Re: Regex on a huge text

Discussion in 'Python' started by Medardo Rodriguez, Aug 22, 2008.

  1. On Fri, Aug 22, 2008 at 11:24 AM, Dan <> wrote:
    > I'm looking on how to apply a regex on a pretty huge input text (a file
    > that's a couple of gigabytes). I found finditer which would return results
    > iteratively which is good but it looks like I still need to send a string
    > which would be bigger than my RAM. Is there a way to apply a regex directly
    > on a file?
    >
    > Any help would be appreciated.



    You can call *grep* posix utility.
    But if the regex's matches are possible only inner the context of a
    line of that file:
    #<code>
    res = []
    with file(filename) as f:
    for line in f:
    res.extend(getmatches(regex, line))
    # Of course "getmatches" describes the concept.
    #</code>

    Regards
    Medardo Rodriguez, Aug 22, 2008
    #1
    1. Advertising

  2. Medardo Rodriguez

    John Machin Guest

    On Aug 23, 6:19 am, "Medardo Rodriguez" <> wrote:
    > On Fri, Aug 22, 2008 at 11:24 AM, Dan <> wrote:
    > > I'm looking on how to apply a regex on a pretty huge input text (a file
    > > that's a couple of gigabytes). I found finditer which would return results
    > > iteratively which is good but it looks like I still need to send a string
    > > which would be bigger than my RAM. Is there a way to apply a regex directly
    > > on a file?

    >
    > > Any help would be appreciated.

    >
    > You can call *grep* posix utility.
    > But if the regex's matches are possible only inner the context of a
    > line of that file:
    > #<code>

    (snip)
    > #</code>


    Docs:
    """
    mmap — Memory-mapped file support

    Memory-mapped file objects behave like both strings and like file
    objects. Unlike normal string objects, however, these are mutable. You
    can use mmap objects in most places where strings are expected; for
    example, you can use the re module to search through a memory-mapped
    file.
    """
    John Machin, Aug 22, 2008
    #2
    1. Advertising

  3. En Fri, 22 Aug 2008 18:56:51 -0300, John Machin <> escribió:
    > On Aug 23, 6:19 am, "Medardo Rodriguez" <> wrote:
    >> On Fri, Aug 22, 2008 at 11:24 AM, Dan <> wrote:
    >> > I'm looking on how to apply a regex on a pretty huge input text (a file
    >> > that's a couple of gigabytes). I found finditer which would return results
    >> > iteratively which is good but it looks like I still need to send a string
    >> > which would be bigger than my RAM. Is there a way to apply a regex directly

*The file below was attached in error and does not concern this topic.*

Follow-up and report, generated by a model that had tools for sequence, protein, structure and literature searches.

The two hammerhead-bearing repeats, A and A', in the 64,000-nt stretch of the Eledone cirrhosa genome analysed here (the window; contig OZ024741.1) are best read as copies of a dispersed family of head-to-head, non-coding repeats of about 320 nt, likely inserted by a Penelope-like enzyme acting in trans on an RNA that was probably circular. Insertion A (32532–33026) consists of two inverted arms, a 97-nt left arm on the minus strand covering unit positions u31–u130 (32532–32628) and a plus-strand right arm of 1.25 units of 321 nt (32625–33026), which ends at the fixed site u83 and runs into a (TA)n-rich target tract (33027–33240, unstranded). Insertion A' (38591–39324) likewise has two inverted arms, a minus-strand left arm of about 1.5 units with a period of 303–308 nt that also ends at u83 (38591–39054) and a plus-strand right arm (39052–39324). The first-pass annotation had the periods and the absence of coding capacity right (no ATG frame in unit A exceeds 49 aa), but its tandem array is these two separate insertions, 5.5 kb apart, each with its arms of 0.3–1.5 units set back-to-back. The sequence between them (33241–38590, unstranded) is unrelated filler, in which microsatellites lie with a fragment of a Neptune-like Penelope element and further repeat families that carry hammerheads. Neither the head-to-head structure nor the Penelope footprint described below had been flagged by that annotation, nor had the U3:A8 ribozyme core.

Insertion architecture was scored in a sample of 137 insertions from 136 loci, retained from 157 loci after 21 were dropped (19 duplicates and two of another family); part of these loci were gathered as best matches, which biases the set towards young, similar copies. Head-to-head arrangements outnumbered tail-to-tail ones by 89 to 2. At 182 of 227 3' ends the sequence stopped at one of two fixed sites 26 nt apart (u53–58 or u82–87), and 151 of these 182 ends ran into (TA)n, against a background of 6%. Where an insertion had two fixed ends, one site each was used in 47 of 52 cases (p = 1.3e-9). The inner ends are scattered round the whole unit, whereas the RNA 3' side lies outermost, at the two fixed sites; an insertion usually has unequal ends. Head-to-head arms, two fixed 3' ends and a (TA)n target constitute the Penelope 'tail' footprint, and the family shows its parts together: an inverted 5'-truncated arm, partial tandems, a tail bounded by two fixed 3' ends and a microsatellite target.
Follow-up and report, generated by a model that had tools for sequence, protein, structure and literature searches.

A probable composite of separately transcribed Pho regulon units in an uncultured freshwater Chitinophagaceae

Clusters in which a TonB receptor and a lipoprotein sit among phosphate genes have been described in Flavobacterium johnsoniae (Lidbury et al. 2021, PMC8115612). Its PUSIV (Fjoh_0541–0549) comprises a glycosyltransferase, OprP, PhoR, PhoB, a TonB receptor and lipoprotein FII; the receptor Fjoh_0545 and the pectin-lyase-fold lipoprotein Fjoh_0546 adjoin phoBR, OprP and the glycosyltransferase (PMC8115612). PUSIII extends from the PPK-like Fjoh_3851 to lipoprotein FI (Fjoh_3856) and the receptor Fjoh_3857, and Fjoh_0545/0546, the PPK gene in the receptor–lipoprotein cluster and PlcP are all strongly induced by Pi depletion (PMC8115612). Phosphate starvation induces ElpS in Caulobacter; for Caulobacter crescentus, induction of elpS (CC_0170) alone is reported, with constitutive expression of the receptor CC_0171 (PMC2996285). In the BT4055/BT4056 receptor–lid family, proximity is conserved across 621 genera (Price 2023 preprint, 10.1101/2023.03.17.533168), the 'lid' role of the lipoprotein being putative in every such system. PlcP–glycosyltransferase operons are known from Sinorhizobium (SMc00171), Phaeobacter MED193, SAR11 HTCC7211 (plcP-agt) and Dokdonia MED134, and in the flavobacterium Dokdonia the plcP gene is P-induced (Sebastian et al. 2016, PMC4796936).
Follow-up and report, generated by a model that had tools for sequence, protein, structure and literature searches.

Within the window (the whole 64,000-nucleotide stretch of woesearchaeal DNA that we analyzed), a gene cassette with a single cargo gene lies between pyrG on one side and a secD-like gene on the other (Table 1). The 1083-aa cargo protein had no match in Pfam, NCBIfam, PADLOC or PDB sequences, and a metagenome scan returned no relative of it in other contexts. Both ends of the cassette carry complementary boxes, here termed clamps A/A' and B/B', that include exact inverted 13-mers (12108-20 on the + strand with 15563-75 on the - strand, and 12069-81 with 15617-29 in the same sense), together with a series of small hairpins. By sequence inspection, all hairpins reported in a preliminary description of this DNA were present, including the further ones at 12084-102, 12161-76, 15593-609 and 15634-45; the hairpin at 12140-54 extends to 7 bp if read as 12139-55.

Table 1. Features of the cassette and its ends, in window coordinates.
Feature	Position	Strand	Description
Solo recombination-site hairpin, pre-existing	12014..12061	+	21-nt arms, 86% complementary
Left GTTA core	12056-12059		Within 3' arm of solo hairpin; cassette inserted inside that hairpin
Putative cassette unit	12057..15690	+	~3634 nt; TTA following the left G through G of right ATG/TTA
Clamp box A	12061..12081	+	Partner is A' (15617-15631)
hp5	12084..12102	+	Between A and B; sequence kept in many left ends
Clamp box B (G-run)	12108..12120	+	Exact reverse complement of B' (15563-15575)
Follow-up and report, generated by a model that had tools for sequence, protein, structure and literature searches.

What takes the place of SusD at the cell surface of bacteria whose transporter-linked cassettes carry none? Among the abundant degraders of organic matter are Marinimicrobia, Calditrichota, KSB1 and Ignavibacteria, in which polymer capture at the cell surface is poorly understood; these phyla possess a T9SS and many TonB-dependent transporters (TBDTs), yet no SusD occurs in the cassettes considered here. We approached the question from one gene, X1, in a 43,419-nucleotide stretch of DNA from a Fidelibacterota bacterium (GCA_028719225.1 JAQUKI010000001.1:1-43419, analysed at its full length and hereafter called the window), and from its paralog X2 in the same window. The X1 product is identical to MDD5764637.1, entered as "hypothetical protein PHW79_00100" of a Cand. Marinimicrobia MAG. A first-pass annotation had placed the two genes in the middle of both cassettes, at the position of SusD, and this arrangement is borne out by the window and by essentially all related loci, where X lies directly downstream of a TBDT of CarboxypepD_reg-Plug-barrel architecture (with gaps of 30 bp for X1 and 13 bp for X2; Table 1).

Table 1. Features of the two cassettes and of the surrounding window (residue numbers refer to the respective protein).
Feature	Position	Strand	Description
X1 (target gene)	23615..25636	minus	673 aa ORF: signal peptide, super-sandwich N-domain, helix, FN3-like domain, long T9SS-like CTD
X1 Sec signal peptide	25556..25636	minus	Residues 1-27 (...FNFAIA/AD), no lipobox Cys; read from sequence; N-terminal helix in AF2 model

>> > on a file?

    >
    > Docs:
    > """
    > mmap — Memory-mapped file support
    >
    > Memory-mapped file objects behave like both strings and like file
    > objects. Unlike normal string objects, however, these are mutable. You
    > can use mmap objects in most places where strings are expected; for
    > example, you can use the re module to search through a memory-mapped
    > file.
    > """


    Still limited to virtual memory address range for user processes, 2GB or 3GB depending on the OS (assuming a 32 bits OS).

    --
    Gabriel Genellina
    Gabriel Genellina, Aug 24, 2008
    #3
  4. Medardo Rodriguez

    Paddy Guest

    On Aug 22, 9:19 pm, "Medardo Rodriguez" <> wrote:
    > On Fri, Aug 22, 2008 at 11:24 AM, Dan <> wrote:
    > > I'm looking on how to apply a regex on a pretty huge input text (a file
    > > that's a couple of gigabytes). I found finditer which would return results
    > > iteratively which is good but it looks like I still need to send a string
    > > which would be bigger than my RAM. Is there a way to apply a regex directly
    > > on a file?

    >
    > > Any help would be appreciated.

    >
    > You can call *grep* posix utility.
    > But if the regex's matches are possible only inner the context of a
    > line of that file:
    > #<code>
    > res = []
    > with file(filename) as f:
    >     for line in f:
    >         res.extend(getmatches(regex, line))
    > #  Of course "getmatches" describes the concept.
    > #</code>
    >
    > Regards


    Try and pre-filter your file on a line basis to cut it down , then
    apply a further filter on the result.

    For example, if you were looking for consecutive SPAM records with the
    same Name field then you might first extract only the SPAM records
    from the gigabytes to leave something more manageable to search for
    consecutive Name fields in.

    - Paddy.
    Paddy, Aug 24, 2008
    #4
    1. Advertising

Want to reply to this thread or ask your own question?

It takes just 2 minutes to sign up (and it's free!). Just click the sign up button to choose a username and then you can ask your own questions on the forum.
Similar Threads
  1. Brown Smith
    Replies:
    1
    Views:
    494
    Frankie
    Jun 25, 2005
  2. Brock Heinz
    Replies:
    8
    Views:
    522
    Brock Heinz
    Nov 23, 2004
  3. Jan
    Replies:
    6
    Views:
    479
  4. Replies:
    3
    Views:
    734
    Reedick, Andrew
    Jul 1, 2008
  5. Replies:
    3
    Views:
    481
Loading...

Share This Page